Cooler Design And Technical Implementation
Sensors in abundance
Based on our close examination of graphics card circuit board layout, we know that the usual tools only read the GPU diode’s temperature. You’ll sometimes see a reading for VRM or VRM2, but that’s simply the PWM controller’s temperature. EVGA wants to prove it can provide a much more thorough picture of thermal performance, though.
On its slightly modified board, the company places a total of nine thermal sensors in locations where hot-spots may occur. The measured values can be displayed and also logged by EVGA’s Precision Software. Truly, hardcore control freaks have to love that amount of information provided in real-time. It might even be too much goodness, though. After all, worrisome hot-spots only really occur in two places on the cards we’ve dissected.
Be that as it may, this functionality serves as the foundation for a first for EVGA: asynchronous fan control based on real measured data, enabling separate curves for each of the two fans.
The assignment of sensors to the corresponding fans seems a little illogical, though. The RAM sits almost entirely under the left fan. According to EVGA’s slide deck, however, the readings from those sensors are supposed to affect the right fan, which is above the voltage regulator.
This bears out in practice. The actual hot-spot is observed on memory module M7 (the same place we found on the GTX 1080 FTW, incidentally). After removing the backplate, the right fan turns faster because the RAM is hotter than the VRM. We have already informed EVGA about this behavior.
EVGA developed on a very effective solution to capture sensor values in near-real-time using Sonix’s eight-bit flash-type microcontroller.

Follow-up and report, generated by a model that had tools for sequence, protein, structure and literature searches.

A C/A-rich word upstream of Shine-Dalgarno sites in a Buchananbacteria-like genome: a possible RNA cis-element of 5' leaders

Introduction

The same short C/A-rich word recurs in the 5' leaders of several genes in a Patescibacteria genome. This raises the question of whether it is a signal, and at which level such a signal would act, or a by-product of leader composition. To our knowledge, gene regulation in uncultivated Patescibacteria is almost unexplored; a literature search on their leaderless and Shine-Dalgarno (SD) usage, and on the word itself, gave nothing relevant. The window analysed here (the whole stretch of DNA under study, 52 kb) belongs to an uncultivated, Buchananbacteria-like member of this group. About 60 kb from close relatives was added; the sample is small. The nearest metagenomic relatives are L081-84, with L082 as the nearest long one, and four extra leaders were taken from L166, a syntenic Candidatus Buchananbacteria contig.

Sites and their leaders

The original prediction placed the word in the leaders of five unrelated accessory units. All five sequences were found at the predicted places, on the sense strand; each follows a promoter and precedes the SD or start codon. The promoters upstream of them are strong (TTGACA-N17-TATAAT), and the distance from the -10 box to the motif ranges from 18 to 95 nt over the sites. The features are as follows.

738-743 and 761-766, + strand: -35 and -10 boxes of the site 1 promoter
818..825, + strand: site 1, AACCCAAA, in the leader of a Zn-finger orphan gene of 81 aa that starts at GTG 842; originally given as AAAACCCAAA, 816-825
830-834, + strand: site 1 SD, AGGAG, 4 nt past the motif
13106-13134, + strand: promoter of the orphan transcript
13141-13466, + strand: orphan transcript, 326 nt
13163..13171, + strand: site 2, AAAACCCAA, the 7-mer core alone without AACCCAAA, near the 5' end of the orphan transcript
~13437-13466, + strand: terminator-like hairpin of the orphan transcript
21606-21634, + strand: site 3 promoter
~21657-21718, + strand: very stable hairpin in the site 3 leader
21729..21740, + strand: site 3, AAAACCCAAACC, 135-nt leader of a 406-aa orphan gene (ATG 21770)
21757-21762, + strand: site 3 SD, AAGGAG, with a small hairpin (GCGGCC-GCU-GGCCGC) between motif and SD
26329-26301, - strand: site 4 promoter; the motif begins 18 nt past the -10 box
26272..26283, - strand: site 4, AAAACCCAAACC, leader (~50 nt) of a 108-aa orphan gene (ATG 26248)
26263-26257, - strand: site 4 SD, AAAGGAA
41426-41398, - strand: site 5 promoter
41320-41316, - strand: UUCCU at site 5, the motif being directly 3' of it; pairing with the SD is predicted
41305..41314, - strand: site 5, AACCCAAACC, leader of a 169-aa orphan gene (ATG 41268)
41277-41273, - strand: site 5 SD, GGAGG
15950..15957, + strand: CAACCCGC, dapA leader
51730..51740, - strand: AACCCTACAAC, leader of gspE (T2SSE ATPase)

In addition to the sensors directly next to the MOSFETs in the above-right picture, sensors are also found below the GPU package (bottom-left) and near the memory modules (bottom-right).
All of the data generated by these sensors can only be read by EVGA’s proprietary software, not surprisingly.
The Cooler: An Old Friend Made New
Before diving into our measurements, we wanted to disassemble the cooler. Although EVGA permits removing its thermal solution without voiding the card’s warranty, you have to use the right tool. As with the ACX cooler, iCX is based on the well-known sandwich principle, whereby a heat sink above the circuit board cools the memory modules and voltage regulator. In turn, this sink holds the large fins and contributes to the assembly’s stability.
Certain parts of the cooling and mounting plate are peppered with small pins that protrude and increase the surface area. We’re a little skeptical of this approach’s usefulness; surely grooves would have been more effective.
The complete heat sink, which carries the fan modules, the fan shroud, and the LED backlighting, is then placed on this plate.
A nickel-plated heat sink on the GPU transfers waste heat to a short and a continuous two 8mm heat pipes, as well as to four 6mm pipes.
The vertically-oriented fins are bent in an I-shape, which EVGA says improves cooling performance. Frankly, we would have liked to see a larger radiator with integrated sinks to draw heat away from the memory, VRMs, and coils instead of the new sandwich solution.